I would have said, “dead.”

If someone would have asked me 10 years ago, “What would your life look like 10 years down the road?” I would have said, “dead.”

It’s coming up on 10 years since I had carved the word “hated” on my arm and overdosed on a bottle of pills.

Looking back on that moment, I’m not sure if I wanted to die or merely just escape the pain. Either way, I didn’t want to be where I was at that moment and that moment, on top of other moments, seem to much to bear. I broke and then I awoke to what God was speaking to my tattered heart.

But more on that later. Let’s go back in time for a few minutes.

 

We all walk through things in life. We are all dealt a hand of cards. How we play them determines how the game ends. I had to learn how to play.

Despite what my years in school looked like, homecoming court, prom court, cheerleader, dancer, athlete, etc. I was oh so broken. So broken in fact, I just focused on survival.

After I graduated and left my hometown and all the facades I had to cover my pain and low self esteem, I didn’t know the rules of the game and I folded. I crashed. I crashed hard.

I began to not eat, not in an effort to lose weight, but in an effort to starve the pain. I then began to cut, not to have scars, but to relieve the guilt. I then began to abuse pills. Not to become an addict, but to numb the shame of cutting. And on it went… the game of survival.

Soon, I was running out of cards to play and the only thing that would suffice, was to all together escape. Or quit. To this day, I’m still unclear on which choice I wanted. But one thing I am clear of, God had other plans.

When I came to awareness in the ER with a team working quickly around me, seeing my heart rate go above 200bpm on the monitor and feeling it wanting to jump out of my chest, large IV’s being placed and fluids dripped in at the fastest rate, my tongue cracked and mouth dried from the dehydration that already took place…I looked up to the right corner of the room and gently heard God speak to my broken soul so clear, that almost 10 years later I can hear it as if it were yesterday. “You keep trying to end your life, but I’m going to keep intervening because I HAVE plans for you.” My spirit stood straight up as if I could sit up with the best posture as I lied there in that bed. I then turned my head and saw the look of mixed emotions on my mother and grandmothers face as they heard of my overdose at the post office in our small town.

I was then transferred to CCU and the reality of the choice I made began to sink in as I began to experience the consequences. See in life, there are consequences. We can’t always avoid them. I sure didn’t.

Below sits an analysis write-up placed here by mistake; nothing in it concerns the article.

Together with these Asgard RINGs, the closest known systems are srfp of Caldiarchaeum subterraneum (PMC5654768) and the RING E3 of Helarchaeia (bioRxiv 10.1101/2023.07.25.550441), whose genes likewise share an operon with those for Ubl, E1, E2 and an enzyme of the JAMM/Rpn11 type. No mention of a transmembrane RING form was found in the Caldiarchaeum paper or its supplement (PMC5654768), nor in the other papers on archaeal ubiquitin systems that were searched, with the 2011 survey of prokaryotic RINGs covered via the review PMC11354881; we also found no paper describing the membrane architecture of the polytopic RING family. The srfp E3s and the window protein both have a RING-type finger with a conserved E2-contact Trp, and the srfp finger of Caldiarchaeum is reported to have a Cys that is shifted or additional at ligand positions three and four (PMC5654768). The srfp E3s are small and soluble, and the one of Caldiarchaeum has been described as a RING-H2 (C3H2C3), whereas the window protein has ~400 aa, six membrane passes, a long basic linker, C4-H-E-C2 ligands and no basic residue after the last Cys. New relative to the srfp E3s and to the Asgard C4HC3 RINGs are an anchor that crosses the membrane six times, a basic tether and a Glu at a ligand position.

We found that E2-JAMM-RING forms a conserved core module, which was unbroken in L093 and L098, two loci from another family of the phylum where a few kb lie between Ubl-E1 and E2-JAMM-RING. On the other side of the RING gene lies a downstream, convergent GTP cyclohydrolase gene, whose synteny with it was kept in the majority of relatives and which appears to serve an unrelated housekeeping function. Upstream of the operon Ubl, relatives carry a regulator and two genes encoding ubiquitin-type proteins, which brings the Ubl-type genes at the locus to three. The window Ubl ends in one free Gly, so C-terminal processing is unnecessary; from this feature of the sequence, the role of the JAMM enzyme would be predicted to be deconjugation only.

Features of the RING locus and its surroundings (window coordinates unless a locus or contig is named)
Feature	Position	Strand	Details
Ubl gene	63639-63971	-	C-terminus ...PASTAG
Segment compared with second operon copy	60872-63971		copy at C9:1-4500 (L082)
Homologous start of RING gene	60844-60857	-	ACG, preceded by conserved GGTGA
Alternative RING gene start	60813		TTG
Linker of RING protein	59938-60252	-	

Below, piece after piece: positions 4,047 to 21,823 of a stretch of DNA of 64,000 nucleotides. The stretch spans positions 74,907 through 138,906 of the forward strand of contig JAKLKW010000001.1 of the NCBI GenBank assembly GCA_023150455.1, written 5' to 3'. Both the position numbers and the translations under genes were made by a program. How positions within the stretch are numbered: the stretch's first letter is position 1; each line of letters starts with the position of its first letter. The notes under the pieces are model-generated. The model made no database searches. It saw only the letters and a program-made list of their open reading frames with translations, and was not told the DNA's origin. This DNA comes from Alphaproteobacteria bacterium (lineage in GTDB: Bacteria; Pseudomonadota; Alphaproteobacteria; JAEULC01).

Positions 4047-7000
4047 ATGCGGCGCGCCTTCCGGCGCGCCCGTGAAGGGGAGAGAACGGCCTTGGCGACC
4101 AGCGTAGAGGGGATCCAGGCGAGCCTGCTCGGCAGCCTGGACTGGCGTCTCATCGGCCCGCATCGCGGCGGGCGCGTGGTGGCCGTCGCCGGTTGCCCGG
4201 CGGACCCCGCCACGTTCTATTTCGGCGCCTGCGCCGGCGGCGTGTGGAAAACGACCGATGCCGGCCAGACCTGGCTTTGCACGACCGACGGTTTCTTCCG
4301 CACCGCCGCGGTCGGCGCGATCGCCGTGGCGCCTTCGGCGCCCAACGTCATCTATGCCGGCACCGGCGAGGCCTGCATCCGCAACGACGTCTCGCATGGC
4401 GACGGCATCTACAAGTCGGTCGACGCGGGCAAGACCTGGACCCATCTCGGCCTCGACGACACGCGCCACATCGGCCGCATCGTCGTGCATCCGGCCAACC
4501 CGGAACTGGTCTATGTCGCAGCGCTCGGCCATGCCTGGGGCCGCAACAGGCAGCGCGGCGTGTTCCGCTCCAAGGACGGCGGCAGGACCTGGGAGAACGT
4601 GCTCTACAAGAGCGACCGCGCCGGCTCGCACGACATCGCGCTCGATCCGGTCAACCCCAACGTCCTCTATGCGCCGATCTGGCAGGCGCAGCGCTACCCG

More bridges burned, more lost relationships, and more misunderstanding of my emotions from others took place. That should make me worse off, right? But, no. But, God. I didn’t forget what He spoke to me in His gentle, loving way. Several months after that, I knew I was called to Tulsa, Oklahoma to attend Bible College and a full time internship and from there, my journey of true healing took place. It was full of ups and down, hills and valleys, mistakes and better choices. Facing my pain and my mistakes, accepting and working to move forward. Working on forgiveness to others and more so, to myself.

10 Years down the road, I’m not dead. In fact, I’m very much alive. More alive than I have ever been, and with more compassion than I can embody at times.

I have gained wisdom. What friends to have, how to spend my time, what I want out of life, the continual journey of how to be the best mother, wife, and friend. The journey of leaning on God in every moment. Of seeking His wisdom, of repentance and asking for forgiveness, of falling and getting back up. Wisdom. Wisdom doesn’t mean perfect. It just means that we do the next right thing.

And I don’t say that lightly.

Doing the next right thing can be the toughest step to take and I say that with the ache of your pain and the joy of your outcome.

10 years later, I am on the other side. The other side of Anorexia Nervosa, the other side of Self-harm, the other side of Pill Addiction, the other side of Self-Hate, the other side of Suicide.

I have a saint of a husband who makes my best days look sinful haha, I have 3 kids and counting who keep me in wonder, wonder of their beauty and innocence and wonder on how I survived bedtime routine, I have friends… friends who stay through thick and thin. Friends who will come just to help clean or drink a cup of coffee as you stare at each other blankly while kids scream running up and down the hallway. Friends and family who drop everything to pray with and for you. To believe with you and celebrate you.

To be celebrated… when I never thought I would have made it this far.

I learned to play my cards and I can help you learn to play yours as well.

So I want to ask you, what do you want your life to look like 10 years from now?

3 Replies to “I would have said, “dead.””

  1. I’ve heard this story from you on more than one occasion and I cry every time. A few months ago if someone asked me where I’d be in 10 years, I’d have guessed I would be nine years gone. If you ever, ever think you’re not making a difference, remember that while I still have work to do, with your help my life has taken a turn for the better in a matter of weeks.

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